For the First Time, Hackers Have Used a Refrigerator to Attack Businesses

Business Insider
Analyzing the top news stories across the web
Jan. 17 2014 12:40 PM

For the First Time, Hackers Have Used a Refrigerator to Attack Businesses

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Security researchers at Proofpoint have uncovered the very first wide-scale hack that involved television sets and at least one refrigerator. Yes, a fridge.

This is being hailed as the first home appliance "botnet" and the first cyberattack from the Internet of Things.

A botnet is a series of computers that seem to be ordinary computers functioning in people's homes and businesses, but are really secretly controlled by hackers. The Internet of Things is a new term in the tech industry that refers to a concept where every device in your house gets its own computer chip, software, and connection to the Internet: your fridge, thermostat, smart water meter, door locks, etc. To a hacker, they all become computers that can be hacked and controlled.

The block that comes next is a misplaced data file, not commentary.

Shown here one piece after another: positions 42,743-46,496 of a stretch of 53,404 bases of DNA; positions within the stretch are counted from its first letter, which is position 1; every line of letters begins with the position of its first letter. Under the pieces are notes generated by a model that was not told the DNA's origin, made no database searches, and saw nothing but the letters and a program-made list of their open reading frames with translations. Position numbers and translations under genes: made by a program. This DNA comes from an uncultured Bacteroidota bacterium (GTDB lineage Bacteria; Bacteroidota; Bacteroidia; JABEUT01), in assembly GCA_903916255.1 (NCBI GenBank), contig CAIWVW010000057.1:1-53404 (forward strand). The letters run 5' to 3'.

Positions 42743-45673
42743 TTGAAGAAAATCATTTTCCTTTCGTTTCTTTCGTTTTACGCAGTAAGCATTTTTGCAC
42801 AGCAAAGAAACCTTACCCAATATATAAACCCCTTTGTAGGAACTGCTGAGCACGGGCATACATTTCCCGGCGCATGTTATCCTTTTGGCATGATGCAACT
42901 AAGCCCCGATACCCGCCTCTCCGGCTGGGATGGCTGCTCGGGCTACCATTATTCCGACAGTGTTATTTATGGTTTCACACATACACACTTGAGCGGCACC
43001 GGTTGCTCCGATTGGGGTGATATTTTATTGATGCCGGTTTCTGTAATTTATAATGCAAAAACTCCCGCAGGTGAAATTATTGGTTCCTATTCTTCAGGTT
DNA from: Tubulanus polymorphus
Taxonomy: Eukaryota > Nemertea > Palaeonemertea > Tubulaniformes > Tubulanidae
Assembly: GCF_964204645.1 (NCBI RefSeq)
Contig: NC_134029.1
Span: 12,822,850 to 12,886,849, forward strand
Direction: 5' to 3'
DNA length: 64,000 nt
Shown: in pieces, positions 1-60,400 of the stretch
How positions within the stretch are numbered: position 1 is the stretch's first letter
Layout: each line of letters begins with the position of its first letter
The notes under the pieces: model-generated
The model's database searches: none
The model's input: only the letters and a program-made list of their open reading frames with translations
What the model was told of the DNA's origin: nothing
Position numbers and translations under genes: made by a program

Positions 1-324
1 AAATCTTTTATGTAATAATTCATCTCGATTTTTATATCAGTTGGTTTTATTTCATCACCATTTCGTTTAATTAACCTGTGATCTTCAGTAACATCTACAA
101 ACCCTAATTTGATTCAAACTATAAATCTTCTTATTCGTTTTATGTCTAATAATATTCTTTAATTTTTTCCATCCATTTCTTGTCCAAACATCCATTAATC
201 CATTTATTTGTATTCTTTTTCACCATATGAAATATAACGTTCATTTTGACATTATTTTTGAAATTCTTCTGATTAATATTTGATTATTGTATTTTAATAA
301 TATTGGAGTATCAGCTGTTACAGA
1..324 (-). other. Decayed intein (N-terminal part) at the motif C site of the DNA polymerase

In this case, hackers broke into more than 100,000 everyday consumer gadgets, such as home-networking routers, connected multimedia centers, televisions, and at least one refrigerator, Proofpoint says. They then used those objects to send more than 750,000 malicious emails to enterprises and individuals worldwide.

In the press release, Proofpoint explains:

• The hack happened between December 23, 2013 and January 6, 2014, and featured waves of malicious email, typically sent in bursts of 100,000, three times per day, targeting enterprises and individuals worldwide.

• About three-quarters of the emails were sent by regular computers, but the rest, slightly more than one-quarter, were sent by hacked home appliances.

• Hackers didn't have to be amazingly smart when breaking into home appliances. Many times they gained access because the home owners didn't set them up correctly, or used the default password that came with the device.

Most homes are not yet a part of the Internet of Things, and looks like hackers will already be there to greet them when they arrive.

Julie Bort is the enterprise computing editor at Business Insider. Follow her on Twitter.

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